Almost the Whole Pacific Coast - Winter/Spring 2016 travel blog

take out

bald eagle

Gold Beach Bridge

portable fishing pier

jet boat

another bridge

rolling hillsides

secluded cabin

wheelbarrow

swallows

zodiac

Movie Clips - Playback Requirements - Problems?

(MOV - 574 K)

swallows nesting

(MOV - 1.27 MB)

river scenes


We stayed in Gold Beach an extra day for a shot of adrenalin. Jerry’s Jet Boats got great reviews from others and gets great reviews from us. The fact that the weather was perfect only added to the joy. The Rogue River is wide, but mostly shallow. Jet boats, which use jets of water to propel them, can run in as few as six inches of water, are perfectly suited for such a location. The river is running higher these days as the snow melt runs down the mountains, but we were hardly aware of the rocks right beneath us as we skimmed over the waves. The Rogue has a 12mph current at the moment, but the jet boat engines are so powerful, our upstream speed was enough to give our hair a good tangle.

The jet boat season began today May 1 and we got a 25% discount for being early in the season. Jerry runs three trips in the summer with as many as twelve boats out at a time doing trips of various lengths. Today there was only one boat and we did the longest - a 104 mile trip. It sounded like a long journey when we booked it, but the river was so varied, interesting and just plain fun, the time flew by as we flew down the river.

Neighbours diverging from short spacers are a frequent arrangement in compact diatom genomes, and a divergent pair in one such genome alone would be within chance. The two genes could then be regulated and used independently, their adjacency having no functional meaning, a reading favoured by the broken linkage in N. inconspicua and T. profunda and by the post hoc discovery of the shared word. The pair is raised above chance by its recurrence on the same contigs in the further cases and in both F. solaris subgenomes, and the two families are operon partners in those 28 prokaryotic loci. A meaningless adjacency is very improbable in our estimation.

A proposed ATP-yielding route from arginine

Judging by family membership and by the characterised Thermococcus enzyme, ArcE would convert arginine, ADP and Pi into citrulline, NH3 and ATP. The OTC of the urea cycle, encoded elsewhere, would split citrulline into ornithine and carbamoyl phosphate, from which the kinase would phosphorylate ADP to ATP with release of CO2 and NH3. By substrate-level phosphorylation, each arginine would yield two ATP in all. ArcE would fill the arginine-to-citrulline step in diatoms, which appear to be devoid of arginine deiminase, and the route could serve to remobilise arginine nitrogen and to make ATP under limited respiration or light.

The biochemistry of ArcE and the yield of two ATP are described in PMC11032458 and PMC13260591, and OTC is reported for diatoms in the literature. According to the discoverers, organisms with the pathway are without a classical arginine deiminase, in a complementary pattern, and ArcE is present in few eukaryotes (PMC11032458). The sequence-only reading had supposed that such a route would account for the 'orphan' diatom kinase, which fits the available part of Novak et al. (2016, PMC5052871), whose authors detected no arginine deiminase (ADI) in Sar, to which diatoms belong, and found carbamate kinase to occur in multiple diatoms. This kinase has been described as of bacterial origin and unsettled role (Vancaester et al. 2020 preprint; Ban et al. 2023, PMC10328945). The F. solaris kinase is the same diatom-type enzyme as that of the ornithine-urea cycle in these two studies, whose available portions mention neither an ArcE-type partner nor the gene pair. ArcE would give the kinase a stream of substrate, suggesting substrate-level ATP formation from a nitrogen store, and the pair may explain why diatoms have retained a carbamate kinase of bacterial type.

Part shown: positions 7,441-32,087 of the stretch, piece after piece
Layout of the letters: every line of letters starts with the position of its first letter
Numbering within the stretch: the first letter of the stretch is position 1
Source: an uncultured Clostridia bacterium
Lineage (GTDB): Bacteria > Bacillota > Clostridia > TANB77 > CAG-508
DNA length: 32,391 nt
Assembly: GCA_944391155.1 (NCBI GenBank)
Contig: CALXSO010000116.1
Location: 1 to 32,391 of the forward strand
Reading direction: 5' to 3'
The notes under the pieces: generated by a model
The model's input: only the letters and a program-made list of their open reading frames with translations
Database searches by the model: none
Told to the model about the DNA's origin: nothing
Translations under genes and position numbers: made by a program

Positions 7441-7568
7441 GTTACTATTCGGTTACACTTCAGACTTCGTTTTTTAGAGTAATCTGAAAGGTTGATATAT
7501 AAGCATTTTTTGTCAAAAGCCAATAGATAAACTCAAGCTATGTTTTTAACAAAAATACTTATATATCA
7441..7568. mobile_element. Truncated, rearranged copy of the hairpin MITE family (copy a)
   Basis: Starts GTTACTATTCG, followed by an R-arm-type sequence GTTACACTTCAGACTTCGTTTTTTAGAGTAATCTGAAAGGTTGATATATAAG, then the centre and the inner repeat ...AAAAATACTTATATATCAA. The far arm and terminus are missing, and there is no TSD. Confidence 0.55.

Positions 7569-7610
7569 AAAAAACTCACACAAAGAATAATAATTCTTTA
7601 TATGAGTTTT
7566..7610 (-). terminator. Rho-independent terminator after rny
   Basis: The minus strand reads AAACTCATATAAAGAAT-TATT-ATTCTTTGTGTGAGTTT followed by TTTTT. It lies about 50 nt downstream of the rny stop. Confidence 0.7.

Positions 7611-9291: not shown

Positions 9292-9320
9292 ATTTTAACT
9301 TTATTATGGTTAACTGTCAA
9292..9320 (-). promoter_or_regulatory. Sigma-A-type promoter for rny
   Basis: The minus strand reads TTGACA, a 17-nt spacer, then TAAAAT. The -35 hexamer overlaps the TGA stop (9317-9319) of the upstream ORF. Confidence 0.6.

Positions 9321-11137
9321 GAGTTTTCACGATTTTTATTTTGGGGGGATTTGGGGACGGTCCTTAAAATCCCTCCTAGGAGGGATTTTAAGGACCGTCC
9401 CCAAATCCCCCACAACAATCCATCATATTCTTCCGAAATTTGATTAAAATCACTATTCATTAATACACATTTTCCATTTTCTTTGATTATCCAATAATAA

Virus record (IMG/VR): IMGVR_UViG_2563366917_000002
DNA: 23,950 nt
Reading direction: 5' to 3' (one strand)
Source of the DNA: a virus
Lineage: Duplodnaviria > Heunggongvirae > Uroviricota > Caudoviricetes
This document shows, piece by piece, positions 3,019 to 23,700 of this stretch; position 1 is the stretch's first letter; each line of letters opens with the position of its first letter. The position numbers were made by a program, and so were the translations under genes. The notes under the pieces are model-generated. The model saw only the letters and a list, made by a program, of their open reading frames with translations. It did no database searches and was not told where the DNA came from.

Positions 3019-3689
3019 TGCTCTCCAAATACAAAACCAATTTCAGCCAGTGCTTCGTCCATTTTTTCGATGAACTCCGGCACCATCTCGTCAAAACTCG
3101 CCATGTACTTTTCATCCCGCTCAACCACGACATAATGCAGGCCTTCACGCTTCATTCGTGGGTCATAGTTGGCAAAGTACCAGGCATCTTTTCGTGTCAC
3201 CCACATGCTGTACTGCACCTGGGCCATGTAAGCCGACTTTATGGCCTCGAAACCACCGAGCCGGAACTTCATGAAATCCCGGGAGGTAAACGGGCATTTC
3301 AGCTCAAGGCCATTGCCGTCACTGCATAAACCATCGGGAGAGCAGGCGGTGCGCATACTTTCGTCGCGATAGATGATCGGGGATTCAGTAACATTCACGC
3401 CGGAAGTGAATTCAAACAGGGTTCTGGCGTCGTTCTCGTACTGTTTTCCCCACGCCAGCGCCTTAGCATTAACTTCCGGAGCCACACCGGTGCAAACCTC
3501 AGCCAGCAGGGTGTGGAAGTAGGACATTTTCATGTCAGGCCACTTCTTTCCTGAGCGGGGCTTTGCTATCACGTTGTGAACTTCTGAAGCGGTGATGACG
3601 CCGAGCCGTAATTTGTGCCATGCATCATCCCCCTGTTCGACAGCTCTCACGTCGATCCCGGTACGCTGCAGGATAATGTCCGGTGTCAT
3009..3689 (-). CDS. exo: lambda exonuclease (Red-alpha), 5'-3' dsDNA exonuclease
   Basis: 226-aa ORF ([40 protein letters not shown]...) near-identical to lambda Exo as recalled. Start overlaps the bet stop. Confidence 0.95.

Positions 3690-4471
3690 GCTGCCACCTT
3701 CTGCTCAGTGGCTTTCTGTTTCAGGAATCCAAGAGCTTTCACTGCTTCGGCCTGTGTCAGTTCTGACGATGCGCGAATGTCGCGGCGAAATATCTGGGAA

Our captain was the grandson of the original Jerry, who began running these airboat trips in the 1950’s. The grandfather had eleven siblings, who all made their living from the river one way or another. As we zipped along, we heard stories about their lodges burning down, bankruptcies, canneries that came and went. He showed us the spot by a waterfall where he had sprinkled his mother's ashes. It felt like the Rogue was his own personal river.

The first twenty miles we slalomed between many recreational fishing boats who were looking for Chinook salmon. They are only allowed to keep the fish with a notch in their fins which indicates that they were released by the hatchery rather than bred wild. It didn’t look like they were catching much yet, but the bright blue sky and warm temperatures made just being on the water such a pleasure. Our captain was very careful to aim our powerful wake away from the fishing boats, but our engine noise probably didn’t help.

Every so often when the river was wide enough and the breeze in the right direction, he suddenly twirled us around 360º. The spray evaporated quickly in the bright sunshine and we never got cold even though the water is 54º at the moment. We saw numerous lodges and picturesque cabins nestled into the trees. Eventually we got past the section with roads and those cabins had been built solely with supplies brought in by boat. They had to supply their own water and electricity. One cabin owner had mounted wheelbarrows to car engines to help him haul it all uphill. The last twenty miles were truly remote and wild. Zodiacs make float trips from this area and it takes them three days to do what we did in about an hour. One group of boaters graciously mooned us as we went by. The wild section had the best rapids. Riding rapids in a jet boat is a vastly different experience than riding them in a zodiac. On float trips the tipping danger is much higher and you have to paddle like crazy. On the jet boat our biggest concern was wiping the water droplets off our sun glasses after every series of rapids.

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